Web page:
Southwest has done a very good job of keeping itself differentiated from the rest of the industry. From a public relations standpoint, when any other US-based airline announces fare changes (higher or lower), the next paragraph in the article is always how the other US-based legacy carriers are expected to respond. Southwest is never named.
At the consumer level, Southwest also keeps itself distanced by not participating in travel search engines such as cheaptickets.com, travelocity.com, expedia.com, or any other. If you want to book a ticket on Southwest, or even research a fare, you will do it at Southwest.com.
I believe all of the points made above are valid, concerning how Southwest's operations differ from those of so-called legacy carriers. But I also believe a deeper look at how Southwest operates reveals the reasons for their success. In a lot of ways, Southwest is the Apple Computer of the aviation industry; while other industry members are cutting back and laying off, it manages not only to survive, but also expand. And it does so with a great amount of perceptual distance from the rest of the industry.
Over the last couple of years, it is the mainstream news media that largely convinced the American people that a recession was in full swing, and this led to sharply reduced levels of consumer confidence, house-buying, shopping, etc. Domino effect. Yes, banks were in trouble, and yes, perhaps some signs of a recession were around, but it wasn't until the media started using the R-word that the nation as a whole really began to panic. So when one legacy airline announces something bad, and other airlines respond, the other airlines are immediately grouped together with the first to be in trouble. Southwest never plays that game. I'm sure Southwest is not without its struggles, but they (like Apple) cultivate a sense of consumer confidence by not showing any cards whatsoever.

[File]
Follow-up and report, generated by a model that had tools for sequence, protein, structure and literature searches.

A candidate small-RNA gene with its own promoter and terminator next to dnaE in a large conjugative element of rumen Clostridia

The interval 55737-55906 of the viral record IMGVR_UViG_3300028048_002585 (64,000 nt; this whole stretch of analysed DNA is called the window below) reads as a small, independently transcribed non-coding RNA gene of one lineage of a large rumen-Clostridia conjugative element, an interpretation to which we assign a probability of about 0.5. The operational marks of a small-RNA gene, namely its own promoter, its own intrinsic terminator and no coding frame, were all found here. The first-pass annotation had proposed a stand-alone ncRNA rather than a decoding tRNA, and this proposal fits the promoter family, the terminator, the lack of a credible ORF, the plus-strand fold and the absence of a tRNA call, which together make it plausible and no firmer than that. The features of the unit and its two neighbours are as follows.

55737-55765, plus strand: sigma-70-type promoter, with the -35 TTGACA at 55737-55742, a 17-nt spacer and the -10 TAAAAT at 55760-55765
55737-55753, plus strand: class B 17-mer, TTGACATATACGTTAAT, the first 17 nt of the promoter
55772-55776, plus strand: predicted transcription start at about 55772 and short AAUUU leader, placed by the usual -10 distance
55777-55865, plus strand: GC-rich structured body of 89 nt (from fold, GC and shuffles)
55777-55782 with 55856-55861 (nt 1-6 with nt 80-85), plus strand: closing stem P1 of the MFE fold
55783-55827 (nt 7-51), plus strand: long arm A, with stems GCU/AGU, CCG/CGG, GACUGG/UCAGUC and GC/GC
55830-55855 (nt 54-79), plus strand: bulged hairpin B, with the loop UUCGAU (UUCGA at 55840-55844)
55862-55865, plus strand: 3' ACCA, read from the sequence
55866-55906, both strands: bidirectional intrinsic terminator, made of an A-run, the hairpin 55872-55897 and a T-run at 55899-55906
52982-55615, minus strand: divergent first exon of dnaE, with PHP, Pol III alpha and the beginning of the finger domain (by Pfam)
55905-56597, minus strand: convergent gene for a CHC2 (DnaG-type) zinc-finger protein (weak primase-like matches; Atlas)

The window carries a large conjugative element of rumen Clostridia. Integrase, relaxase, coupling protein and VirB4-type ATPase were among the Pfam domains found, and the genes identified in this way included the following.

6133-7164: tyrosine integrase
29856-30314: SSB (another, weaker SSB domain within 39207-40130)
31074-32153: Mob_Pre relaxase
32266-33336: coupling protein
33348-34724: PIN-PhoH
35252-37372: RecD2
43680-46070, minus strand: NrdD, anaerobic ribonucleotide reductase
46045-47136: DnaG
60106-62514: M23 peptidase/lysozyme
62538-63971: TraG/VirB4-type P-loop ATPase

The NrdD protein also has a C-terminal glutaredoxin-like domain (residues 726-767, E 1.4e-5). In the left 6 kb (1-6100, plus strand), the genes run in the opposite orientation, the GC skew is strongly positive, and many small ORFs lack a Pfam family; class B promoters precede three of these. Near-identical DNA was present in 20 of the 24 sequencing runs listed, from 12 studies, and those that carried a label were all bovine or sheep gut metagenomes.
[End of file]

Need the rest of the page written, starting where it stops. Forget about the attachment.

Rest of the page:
Now, about the lack of luggage charges: this is, again, more media brilliance on the part of Southwest. Here's my proof. Over the last 9 years that Melanie and I have been married, we have flown from PDX to SJC to see her family many, many times. More than I can count. Southwest has typically been our airline of choice, until about the last year or so. Southwest is still an option, but the "web special fares" and Ding Fares are no longer all that special. At this point, it's pretty much a wash between Southwest and Alaska in terms of fares; sometimes, Alaska will even be cheaper. Five years ago, this was not the case. Even three years ago, this was not the case. So while hedge-betting has served Southwest well on fuel prices, and other operational costs have risen in proportion with other airlines' costs, Southwest has quietly taken full advantage of the current industry trend of rising fares to meet "skyrocketing fuel costs." Yes, there is no bag fee, but the fare prices have definitely gone up.